But Lewis and union delegates said the potential for a judge to control the fate of their strike had no factor in Tuesday’s decision.
Once the hundreds of delegates were packed into a union hall near Chinatown, their only focus was on the details of the deal and why they should support it.
First, a handful of union leaders took the stage in the auditorium, explaining specific provisions of the contract proposal, said delegate Haley Underwood. Then members of the union’s bargaining team explained that even though some teachers in their own schools still wanted to strike, the entire team had decided it was time to end the walkout.
Vice President Jesse Sharkey followed with more persuasion, then came the closing act: Lewis.
The tough-talking union boss had five words for her fellow teachers, Underwood said.
“It’s time to go back.”
Delegates were then asked, on a voice vote, whether they wanted to suspend the strike.
They responded by shouting, “Yes!” in an overwhelming majority.
After the vote, a crowd of teachers rushed out the doors, shouting, “We’re back!” and “The strike is over!”
“I am jumping up and down,” said Underwood, a physical education teacher at Cardenas Elementary School in Little Village. “I’m so excited, excited to see my kids. I feel we won. The unity we gained is going to move us forward, and we’ll continue to fight for the soul of public education.”
The atmosphere outside the union hall was heady, with the union still selling red “solidarity” T-shirts.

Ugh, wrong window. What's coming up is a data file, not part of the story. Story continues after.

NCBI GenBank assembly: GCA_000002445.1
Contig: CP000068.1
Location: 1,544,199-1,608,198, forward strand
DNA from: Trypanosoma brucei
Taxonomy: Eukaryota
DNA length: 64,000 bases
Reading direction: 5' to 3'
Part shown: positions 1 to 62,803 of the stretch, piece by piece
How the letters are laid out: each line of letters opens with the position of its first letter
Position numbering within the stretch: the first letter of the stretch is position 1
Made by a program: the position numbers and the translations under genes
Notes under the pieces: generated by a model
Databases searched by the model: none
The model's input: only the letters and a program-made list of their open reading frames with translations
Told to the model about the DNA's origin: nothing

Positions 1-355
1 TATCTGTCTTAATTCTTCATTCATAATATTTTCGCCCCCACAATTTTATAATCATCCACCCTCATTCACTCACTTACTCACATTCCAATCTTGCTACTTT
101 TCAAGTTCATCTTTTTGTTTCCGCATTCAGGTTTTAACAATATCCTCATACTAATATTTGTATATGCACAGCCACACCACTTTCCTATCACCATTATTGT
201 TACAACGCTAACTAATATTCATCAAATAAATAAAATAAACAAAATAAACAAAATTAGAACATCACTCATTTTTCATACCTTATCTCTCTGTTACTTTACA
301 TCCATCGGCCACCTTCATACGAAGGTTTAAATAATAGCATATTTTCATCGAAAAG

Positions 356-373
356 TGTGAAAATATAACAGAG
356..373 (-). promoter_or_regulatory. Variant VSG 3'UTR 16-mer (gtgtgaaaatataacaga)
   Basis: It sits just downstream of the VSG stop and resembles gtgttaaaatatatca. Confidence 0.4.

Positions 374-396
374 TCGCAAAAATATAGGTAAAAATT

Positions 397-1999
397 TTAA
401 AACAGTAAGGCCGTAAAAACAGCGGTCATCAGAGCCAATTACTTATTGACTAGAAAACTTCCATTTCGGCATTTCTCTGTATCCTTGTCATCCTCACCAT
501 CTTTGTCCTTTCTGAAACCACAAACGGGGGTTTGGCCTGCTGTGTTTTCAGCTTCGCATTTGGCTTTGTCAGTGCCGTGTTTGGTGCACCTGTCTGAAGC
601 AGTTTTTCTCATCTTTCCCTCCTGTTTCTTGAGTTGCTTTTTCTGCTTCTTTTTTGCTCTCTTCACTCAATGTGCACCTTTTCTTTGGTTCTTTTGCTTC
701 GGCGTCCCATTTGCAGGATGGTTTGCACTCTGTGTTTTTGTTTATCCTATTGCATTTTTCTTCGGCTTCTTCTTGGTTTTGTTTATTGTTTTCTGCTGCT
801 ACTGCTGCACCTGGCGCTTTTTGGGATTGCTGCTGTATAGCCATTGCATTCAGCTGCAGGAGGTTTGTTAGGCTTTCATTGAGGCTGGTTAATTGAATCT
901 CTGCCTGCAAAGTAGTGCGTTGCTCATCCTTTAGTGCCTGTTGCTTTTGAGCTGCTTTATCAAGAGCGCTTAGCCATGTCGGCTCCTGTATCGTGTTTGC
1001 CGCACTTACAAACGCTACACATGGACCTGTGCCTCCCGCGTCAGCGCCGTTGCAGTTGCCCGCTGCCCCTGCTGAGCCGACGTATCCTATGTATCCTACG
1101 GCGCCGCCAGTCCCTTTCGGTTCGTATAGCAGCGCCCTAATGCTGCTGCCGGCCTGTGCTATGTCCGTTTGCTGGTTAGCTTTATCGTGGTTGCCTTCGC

Some teachers carried red and white signs touting: “CTU: We’re proud of you” and “CTU shows U.S. Labor How to Fight.”
A variety of factors contributed to how much teachers will earn under the deal.
The contract would give teachers base salary raises of 3 percent this year and 2 percent in each of the following two years. They could receive another 3 percent raise if both sides agree to a fourth year in the contract.
Those raises are in addition to other salary bumps for experience and pursuing a graduate degree that would push the overall average pay raise for teachers to 17.6 percent over four years, according to CPS. The district did not offer an average raise estimate for three years.
The contract will not be official until the union’s full membership votes to approve it in the coming weeks.
“There is no such thing as a contract that will make all of us happy, and we’re realistic about that,” Lewis said. “The other issue is, do we stay on strike forever until every little thing we want is capable of being gotten? We don’t think like that.”
As the two sides worked for months to hammer out a deal, CPS officials, led by Emanuel, and union leaders, led by Lewis, engaged in a public relations war to win support for their side.
With talks sputtering in late August, the CTU voted to authorize a strike date of Sept. 10, leading Emanuel to accuse teachers of failing Chicago’s students by choosing to walk out over contract demands.
Negotiations picked up in the days leading up to the strike date, but Lewis announced late Sept. 9 that there would be no school the next morning.
CPS and the union reached a breakthrough Friday as both sides agreed on a tentative framework for a new deal, but that was not enough. Teachers wanted more time — and details.
On Tuesday they decided they had had enough of both.
Teachers had let Lewis know exactly what they wanted, said delegate Jeffery Blackwell, a special education teacher.
In the end, he said, “She didn’t have to sell anything. The members were ready.”
Tribune reporters John Byrne, Joel Hood and Hal Dardick contributed.
Copyright © 2012, Chicago Tribune